Ocean review.

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We have -on and off – been reviewing ocean animals and the ocean habitat. We are headed to Santa Barbara soon- and the beach- so the ocean will be visited.

To review what we have learned, and see what they remembered, I pulled out our fish stickers, paper and crayons.

They got their paper and were given the following directions:

1. Draw the ocean floor.
2. Draw something else that is at the bottom of the ocean.
3. Draw something that grows in the ocean.
4. Place the stickers in the correct places.

So then they were given stickers that are: fish, starfish, sea horses, and sea turtles.

Next, I have them the stickers first and then had them draw a picture that showed where all the animals could live (backwards from the first set of instructions).

It was a fun review. The kids even showed that they retained some of the prior information.

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Toddler Tuesdays: Counting.

Legos work great for learning numbers and counting. Especially because they come in so many different colors.

Legos work great for learning numbers and counting. Especially because they come in so many different colors.

Kids learn numbers a bunch of different ways. For a while, Abby has been counting correctly to 4, and then skipping around after that based on what number she likes saying. “Nine” comes in after four a lot – mostly because she likes pretending she’s saying no while counting (Nine is no in German).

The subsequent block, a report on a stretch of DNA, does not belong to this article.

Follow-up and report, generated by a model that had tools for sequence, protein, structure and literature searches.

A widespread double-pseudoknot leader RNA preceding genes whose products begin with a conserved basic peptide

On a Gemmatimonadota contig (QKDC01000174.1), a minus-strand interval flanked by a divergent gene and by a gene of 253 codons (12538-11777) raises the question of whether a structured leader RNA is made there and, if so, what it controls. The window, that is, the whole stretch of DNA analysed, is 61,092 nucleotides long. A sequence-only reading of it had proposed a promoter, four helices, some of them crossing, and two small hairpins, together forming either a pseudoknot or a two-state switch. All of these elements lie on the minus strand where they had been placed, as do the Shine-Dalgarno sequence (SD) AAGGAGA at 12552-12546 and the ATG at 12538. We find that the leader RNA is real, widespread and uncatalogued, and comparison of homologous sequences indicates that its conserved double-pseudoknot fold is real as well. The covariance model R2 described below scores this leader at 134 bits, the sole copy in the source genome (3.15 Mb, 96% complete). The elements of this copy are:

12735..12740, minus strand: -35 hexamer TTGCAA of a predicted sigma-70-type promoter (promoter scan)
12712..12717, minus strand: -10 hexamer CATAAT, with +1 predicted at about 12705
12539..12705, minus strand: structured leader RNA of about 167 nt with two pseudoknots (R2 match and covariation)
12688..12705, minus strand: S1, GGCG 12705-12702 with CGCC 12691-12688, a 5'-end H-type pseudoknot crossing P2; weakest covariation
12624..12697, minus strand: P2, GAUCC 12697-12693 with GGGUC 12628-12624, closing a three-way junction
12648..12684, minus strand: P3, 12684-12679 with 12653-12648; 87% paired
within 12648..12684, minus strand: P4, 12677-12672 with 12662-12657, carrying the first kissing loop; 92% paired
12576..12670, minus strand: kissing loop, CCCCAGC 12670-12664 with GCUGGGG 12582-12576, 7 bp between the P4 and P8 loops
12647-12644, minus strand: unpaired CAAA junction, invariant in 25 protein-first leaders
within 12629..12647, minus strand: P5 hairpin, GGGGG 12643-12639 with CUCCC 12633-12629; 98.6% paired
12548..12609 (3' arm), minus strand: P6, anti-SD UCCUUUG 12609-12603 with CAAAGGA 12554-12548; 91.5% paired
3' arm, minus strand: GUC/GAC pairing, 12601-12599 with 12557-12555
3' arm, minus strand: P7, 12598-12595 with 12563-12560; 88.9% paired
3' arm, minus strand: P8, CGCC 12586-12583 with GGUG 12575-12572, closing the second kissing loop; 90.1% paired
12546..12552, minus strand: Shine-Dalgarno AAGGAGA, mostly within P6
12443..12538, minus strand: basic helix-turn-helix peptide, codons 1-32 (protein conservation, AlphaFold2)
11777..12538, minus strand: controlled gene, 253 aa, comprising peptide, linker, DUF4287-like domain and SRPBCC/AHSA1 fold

I figured it’s about time to get her counting “correctly” – or at least being able to do it when she needs to. She likes to play and learn. So I thought this Lego activity would be great.

Here’s what we used:

1. Lego Duplos

2. Construction paper with squares/numbers written on it.

Set-up took me all of 3 minutes to write the numbers and boxes on the construction paper. The longest part of the set-up was finding a piece of non-blue, pink, or purple construction paper. The kids really like to use those colors, so I didn’t want to use them for “school.”

Anyways, I sat Abby down with the activity and gave her these directions, “Place the right amount of Legos in a tower on the right number.” We practiced the first time through, then she wanted to do it again, on her own. I made sure to break up the towers from the previous time, then she did it again.

As is a theme when I get an activity together that she likes, she did it A LOT. She really liked breaking up the towers too. She would count backwards from whatever number she had to zero, and then say, “Bye-bye tower, until later alligator.”